In 2005, I opened my own architecture office in the Delftsestraat 27 Rotterdam, about an hour south of Amsterdam by car. The studio was also in an antikraak space, though this one was intended mainly for working. Some friends and I shared a space of around 120 square yards—about half the size of a tennis court—and paid only a few hundred dollars between us. However, after six years in the building, we left the space, as there were too many uncertainties, and we only had a temporary agreement with the owner of the building.
The reason the owner gave was that the building was going to be demolished soon to make space for new towers. But we heard rumors that the building was instead going to be rented out to a company called Codum. When we called company representatives and the owner of the building on the phone, they both confirmed that these rumors were true. Codum specialized in marketing out empty buildings with the message that it would bring back life, creativity, and culture into the empty center of Rotterdam. But our building wasn’t empty at all—it was full of life and art. When we confronted Codum and asked why they were interested in converting a building that was already full of creative people, they answered, “Because we can make money with you people.”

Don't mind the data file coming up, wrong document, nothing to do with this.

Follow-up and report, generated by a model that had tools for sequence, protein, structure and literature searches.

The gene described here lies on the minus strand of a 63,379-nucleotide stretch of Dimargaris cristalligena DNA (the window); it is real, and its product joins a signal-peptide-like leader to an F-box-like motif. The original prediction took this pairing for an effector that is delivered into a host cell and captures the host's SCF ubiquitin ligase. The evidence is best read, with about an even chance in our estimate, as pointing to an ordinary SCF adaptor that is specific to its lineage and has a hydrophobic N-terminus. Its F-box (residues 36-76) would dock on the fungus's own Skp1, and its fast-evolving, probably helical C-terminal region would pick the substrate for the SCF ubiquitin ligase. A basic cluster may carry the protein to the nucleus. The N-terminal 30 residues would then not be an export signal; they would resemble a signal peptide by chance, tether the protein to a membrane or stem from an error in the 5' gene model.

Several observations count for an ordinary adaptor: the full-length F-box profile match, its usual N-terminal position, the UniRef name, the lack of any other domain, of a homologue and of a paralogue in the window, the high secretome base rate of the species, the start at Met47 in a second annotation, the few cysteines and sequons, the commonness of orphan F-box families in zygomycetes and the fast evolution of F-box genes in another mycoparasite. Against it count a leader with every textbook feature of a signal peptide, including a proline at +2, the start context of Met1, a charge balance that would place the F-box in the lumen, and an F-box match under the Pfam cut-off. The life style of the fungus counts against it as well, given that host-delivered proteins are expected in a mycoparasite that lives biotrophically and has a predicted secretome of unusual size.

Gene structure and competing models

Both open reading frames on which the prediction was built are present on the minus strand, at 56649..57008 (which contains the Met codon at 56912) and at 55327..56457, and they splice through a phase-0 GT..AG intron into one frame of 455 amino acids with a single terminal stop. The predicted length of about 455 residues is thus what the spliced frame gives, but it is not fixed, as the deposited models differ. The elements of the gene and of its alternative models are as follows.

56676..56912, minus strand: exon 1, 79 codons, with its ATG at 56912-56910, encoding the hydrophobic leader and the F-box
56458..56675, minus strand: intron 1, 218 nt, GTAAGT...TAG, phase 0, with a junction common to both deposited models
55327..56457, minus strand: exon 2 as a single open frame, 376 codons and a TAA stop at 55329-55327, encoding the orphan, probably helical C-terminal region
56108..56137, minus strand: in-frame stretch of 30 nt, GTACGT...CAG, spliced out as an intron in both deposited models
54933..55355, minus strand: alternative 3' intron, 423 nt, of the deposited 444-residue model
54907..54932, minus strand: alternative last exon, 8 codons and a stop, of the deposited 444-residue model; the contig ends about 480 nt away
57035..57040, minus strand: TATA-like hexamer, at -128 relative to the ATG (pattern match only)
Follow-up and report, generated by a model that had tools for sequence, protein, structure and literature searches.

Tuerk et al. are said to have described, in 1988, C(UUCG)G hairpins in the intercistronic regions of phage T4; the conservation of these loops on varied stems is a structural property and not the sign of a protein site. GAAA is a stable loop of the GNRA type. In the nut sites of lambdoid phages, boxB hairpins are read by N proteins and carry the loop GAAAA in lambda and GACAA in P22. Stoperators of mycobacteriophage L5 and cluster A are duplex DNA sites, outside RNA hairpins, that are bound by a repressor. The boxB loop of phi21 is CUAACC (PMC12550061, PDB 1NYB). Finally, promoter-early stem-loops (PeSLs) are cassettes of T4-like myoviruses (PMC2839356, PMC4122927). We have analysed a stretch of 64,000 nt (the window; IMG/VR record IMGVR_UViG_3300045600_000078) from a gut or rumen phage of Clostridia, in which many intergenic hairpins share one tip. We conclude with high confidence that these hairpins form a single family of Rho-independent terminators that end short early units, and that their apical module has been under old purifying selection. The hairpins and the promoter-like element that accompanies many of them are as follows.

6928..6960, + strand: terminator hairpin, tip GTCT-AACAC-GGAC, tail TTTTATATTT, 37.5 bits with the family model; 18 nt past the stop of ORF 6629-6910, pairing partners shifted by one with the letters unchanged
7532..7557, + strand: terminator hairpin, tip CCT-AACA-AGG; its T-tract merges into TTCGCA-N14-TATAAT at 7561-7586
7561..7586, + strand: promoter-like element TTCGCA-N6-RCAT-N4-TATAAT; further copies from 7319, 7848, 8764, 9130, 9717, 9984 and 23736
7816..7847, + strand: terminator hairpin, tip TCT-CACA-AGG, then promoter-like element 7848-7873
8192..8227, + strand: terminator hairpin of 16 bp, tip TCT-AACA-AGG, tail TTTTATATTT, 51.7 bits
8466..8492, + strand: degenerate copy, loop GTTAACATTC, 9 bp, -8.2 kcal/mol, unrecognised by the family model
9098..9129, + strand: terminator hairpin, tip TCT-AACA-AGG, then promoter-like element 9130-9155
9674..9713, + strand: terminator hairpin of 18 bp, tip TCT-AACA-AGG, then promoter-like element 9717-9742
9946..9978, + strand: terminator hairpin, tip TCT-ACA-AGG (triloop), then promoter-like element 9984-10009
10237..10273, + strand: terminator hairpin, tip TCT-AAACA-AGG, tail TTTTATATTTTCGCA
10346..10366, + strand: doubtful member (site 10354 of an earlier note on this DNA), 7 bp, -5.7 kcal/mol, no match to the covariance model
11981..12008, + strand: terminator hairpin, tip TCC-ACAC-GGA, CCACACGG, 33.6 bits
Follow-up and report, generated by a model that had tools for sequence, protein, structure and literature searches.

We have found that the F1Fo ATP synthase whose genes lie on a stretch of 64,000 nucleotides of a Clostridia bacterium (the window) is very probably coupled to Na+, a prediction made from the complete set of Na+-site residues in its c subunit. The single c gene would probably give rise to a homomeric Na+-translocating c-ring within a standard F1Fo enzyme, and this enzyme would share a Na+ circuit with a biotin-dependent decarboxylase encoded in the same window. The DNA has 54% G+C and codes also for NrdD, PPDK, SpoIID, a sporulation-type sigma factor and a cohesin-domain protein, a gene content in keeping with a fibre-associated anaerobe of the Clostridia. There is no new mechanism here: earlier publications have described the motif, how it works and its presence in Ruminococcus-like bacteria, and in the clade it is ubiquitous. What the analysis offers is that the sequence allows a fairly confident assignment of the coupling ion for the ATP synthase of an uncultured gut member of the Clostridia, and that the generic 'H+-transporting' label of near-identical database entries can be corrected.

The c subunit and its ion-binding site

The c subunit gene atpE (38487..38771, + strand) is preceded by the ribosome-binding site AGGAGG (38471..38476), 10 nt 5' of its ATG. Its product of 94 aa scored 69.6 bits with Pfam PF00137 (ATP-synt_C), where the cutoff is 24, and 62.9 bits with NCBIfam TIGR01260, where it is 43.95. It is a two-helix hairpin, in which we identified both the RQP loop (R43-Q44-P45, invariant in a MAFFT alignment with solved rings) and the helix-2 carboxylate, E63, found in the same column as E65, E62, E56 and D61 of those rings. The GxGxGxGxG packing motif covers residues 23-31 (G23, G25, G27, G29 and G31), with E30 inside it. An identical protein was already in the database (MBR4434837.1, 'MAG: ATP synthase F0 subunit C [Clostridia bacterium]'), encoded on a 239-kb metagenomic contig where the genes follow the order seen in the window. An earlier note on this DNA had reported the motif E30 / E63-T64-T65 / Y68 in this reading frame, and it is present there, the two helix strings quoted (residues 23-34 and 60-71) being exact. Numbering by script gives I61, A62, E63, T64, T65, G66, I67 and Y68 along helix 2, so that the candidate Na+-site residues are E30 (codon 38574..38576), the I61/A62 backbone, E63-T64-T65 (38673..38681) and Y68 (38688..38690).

Ironically, around three months after we had left the building, Codum called us to offer to rent us our former space at three times the price we’d paid previously, justifying the rise with the typical argument that they had extensively renovated it. But after visiting other Codum projects, we didn’t feel the price increase could be justified.
The coronation riot of April 30, 1980
Squatting as a Housing Movement